Tuesday, October 23, 2007

Making Lemonade from Chinese Lemons

Life on the outskirts of Shanghai carries with it certain inescapable realities. One of those is distance. There are approximately twenty million people who live in the greater Shanghai area, and although the population density here is truly remarkable, you still have to account for some spreading out. Of course, there are plenty of amenities close to home, but several of the things that we teachers enjoy from time to time(western restaurants, English-language establishments, museums, cultural whatnot, and the like) are right down in the heart of Shanghai.

Getting to that means bus rides. Now, I have nothing against buses per se; I rode a bus to and from Henry Wise Wood High School every day when I was younger, and I have served three tours of duty in taking the Greyhound from Calgary, Alberta to Greenville, South Carolina (and let me tell you what, there's nothing like riding on a bus for three unshowered, unshaven, barely-sleeping days to give you some perspective on people). The Chinese bus rides are just rather longish (generally between sixty and ninety minutes one way), and I often don't have a seat, which means that I'm either wedged into a corner with people jabbing me in the side with their elbows, or I'm trying not to fall down as the driver shifts from third to park without a clutch. Or both.

That's where technology comes in. Three years ago, I succumbed to the pressures of society and purchased for myself an Apple iPod Mini. This device is now hopelessly outdated and obsolete, but my geriatric MP3 player and I have powered our way through many a boring bus ride. In my opinion, an iPod is to a Chinese bus ride as general anesthetic is to major surgery; they make a painful necessity bearable.

I listen to music sometimes, though the bus is usually too noisy for me to properly appreciate the delicate strains of a Bach organ fugue. More often, I tune in to class. I've worked my way through both semesters of David Calhoun's History lectures from Covenant (found at www.covenantseminary.edu) and am currently chewing on John Frame's class on Apologetics at Reformed (www.rts.edu), both of which have been excellent. Other teachers here listen to the latest lesson from Mark Minnick, Jim Berg, or someone else. Elijah would spend his time practicing Chinese.

Whatever you happen to enjoy, it helps pass the kilometers. Even if you are standing in the corner.


Tuesday, October 16, 2007

I don't know what it is, but it likes ESPN2...

Sorry for the lack of posting last week . . . I'm a bad Dave! Bad! One of my big goals for this term was to post every week, so hopefully getting it out in front like this will spur me on. It's not like nothing ever happens here.

I gave my first test last week, and as bonus questions, asked them to write a sentence using one of the slang phrases that I've taught them. A few students got them right. Many more failed in spectacular ways. Most of the difficulties centered around the phrase "couch potato." Seems simple enough, right? Maybe to you. A few of the (erroneous) attempts at capturing this phrase follow.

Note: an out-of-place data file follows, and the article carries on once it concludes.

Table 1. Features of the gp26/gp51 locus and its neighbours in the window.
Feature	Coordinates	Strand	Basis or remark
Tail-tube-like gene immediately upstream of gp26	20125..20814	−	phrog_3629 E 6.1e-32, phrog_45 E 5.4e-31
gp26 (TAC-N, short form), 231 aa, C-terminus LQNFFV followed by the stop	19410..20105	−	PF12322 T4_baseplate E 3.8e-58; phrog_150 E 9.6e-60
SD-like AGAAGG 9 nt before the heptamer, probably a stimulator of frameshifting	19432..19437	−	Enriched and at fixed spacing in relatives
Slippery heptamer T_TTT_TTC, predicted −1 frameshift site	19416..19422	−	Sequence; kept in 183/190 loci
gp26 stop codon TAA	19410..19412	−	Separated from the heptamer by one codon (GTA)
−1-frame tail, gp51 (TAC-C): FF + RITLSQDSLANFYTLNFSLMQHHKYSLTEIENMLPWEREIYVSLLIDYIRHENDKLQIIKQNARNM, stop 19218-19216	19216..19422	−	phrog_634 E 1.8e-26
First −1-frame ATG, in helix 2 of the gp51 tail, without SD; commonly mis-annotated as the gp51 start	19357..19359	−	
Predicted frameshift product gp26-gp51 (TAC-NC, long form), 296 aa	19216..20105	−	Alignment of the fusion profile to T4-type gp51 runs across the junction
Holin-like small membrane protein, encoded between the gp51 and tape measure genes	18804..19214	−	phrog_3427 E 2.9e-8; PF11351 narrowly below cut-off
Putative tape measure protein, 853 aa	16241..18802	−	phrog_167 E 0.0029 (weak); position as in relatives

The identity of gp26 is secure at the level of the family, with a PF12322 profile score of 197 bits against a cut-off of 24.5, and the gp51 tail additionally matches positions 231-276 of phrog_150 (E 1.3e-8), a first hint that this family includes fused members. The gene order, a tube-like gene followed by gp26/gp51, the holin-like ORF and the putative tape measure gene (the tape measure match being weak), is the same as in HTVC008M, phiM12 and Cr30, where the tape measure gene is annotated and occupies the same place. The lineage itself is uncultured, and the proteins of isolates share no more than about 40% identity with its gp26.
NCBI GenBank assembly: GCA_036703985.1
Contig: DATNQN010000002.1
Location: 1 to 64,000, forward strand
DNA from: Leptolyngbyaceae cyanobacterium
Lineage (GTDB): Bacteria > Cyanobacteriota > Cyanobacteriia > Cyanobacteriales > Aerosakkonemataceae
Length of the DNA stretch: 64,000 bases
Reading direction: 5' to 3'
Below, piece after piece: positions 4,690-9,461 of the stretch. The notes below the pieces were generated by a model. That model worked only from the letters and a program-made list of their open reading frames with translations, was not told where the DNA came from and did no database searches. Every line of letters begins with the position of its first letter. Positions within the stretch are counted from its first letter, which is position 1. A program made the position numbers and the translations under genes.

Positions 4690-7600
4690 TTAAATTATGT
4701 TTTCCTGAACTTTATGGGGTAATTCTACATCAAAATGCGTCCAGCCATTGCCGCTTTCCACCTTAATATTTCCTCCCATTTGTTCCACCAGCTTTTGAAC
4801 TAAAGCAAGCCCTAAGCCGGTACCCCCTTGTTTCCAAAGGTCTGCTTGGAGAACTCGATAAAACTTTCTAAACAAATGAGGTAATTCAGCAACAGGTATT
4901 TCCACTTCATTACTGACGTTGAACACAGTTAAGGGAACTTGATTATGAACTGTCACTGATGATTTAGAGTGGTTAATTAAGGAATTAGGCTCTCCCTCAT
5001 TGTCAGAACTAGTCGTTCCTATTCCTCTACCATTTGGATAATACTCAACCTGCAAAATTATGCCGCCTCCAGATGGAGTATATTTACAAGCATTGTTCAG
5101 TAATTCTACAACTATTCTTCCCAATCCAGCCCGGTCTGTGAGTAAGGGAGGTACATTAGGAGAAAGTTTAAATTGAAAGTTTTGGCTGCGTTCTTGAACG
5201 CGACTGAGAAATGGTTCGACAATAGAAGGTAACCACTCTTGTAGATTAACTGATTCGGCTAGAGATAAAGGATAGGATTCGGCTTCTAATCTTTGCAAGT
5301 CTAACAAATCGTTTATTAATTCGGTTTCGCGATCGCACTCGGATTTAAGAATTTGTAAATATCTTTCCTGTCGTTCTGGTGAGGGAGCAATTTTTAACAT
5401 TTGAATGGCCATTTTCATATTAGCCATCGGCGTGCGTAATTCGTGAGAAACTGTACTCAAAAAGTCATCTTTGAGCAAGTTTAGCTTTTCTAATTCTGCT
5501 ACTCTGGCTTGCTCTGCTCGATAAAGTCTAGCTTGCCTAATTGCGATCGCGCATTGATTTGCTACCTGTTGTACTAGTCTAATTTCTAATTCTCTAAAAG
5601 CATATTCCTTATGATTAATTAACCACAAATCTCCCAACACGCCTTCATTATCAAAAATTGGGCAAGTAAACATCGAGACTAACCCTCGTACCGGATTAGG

- He is a couch tomato.
- I was a sofa tomato.
- We should not be couch pasta (I know it's some kind of starchy food!)
- We are sofa and Pomato on the holiday.
- My sister likes laying Tomato, she always sitting on sofa.
- Tom A Couch Plato (These are not the ultimate Doritos, but merely shadowy copies of the true form).
- you watch TV, you will be crouch potato (Looks like the three-point stance to me)

And, in a guess at "baby boomer":
- After the 2th World War, many boom babies borned.


Wednesday, October 3, 2007

Does this tie go with these bunny slippers?

One of the quirks that I've observed here in China is the Chinese attitude toward clothes. Sure, my students wear clothes -- often the same clothes for a week at a time -- but it's what they wear that strikes me as a bit . . . different.

For one thing, the Chinese seem to love uniforms. Everyone has a uniform. The nurses have uniforms, the guards have uniforms, the cleaning ladies have uniforms, the gardeners have uniforms. Des wanted to go to a hair salon last week to get her hair trimmed, and every single man working there (it was a big place) was wearing what looked for all the world like some sheriff's uniform, complete with spangled epilauts and (I kid you not) holsters. Holsters with scissors and combs in them.

For another thing, they just don't really seem that concerned about what they wear around. I've never been to Europe, but I've been told that in Paris, Berlin, Rome and the like, people tend to dress up to go out, even if it's just to do some shopping. Here, it's kind of the opposite, at least for men. It's not at all unusual to see men walking around wearing sleeveless t-shirts ("wife-beaters," as we called 'em in college) or even no shirt at all. Sure, it's hot here. But I hardly ever saw anyone in Greenville doing that.

The thing that really threw me for a loop, though, were the pajamas. They wear pajamas outside. I've kind of gotten used to seeing groups of girls in their PJs and slippers wandering over to the campus store at 8:00 PM. I had sort of assumed it was a kid thing. After all, they are pretty close to their rooms. Yesterday, though, I learned differently. Des and I were riding the bus down to Puxi. At the Century Mart stop (about 10 AM), the doors opened and man scrambled on. He was wearing blue plaid cotton jammies (button-up shirt and pants) and a pair of blue flip-flops. He rode the bus down four or five stops and hopped off. This guy was probably forty years old.

So I'm thinking about teaching next week in my bathrobe. I mean, why not? The students might appreciate that I was finally coming around to their point of view.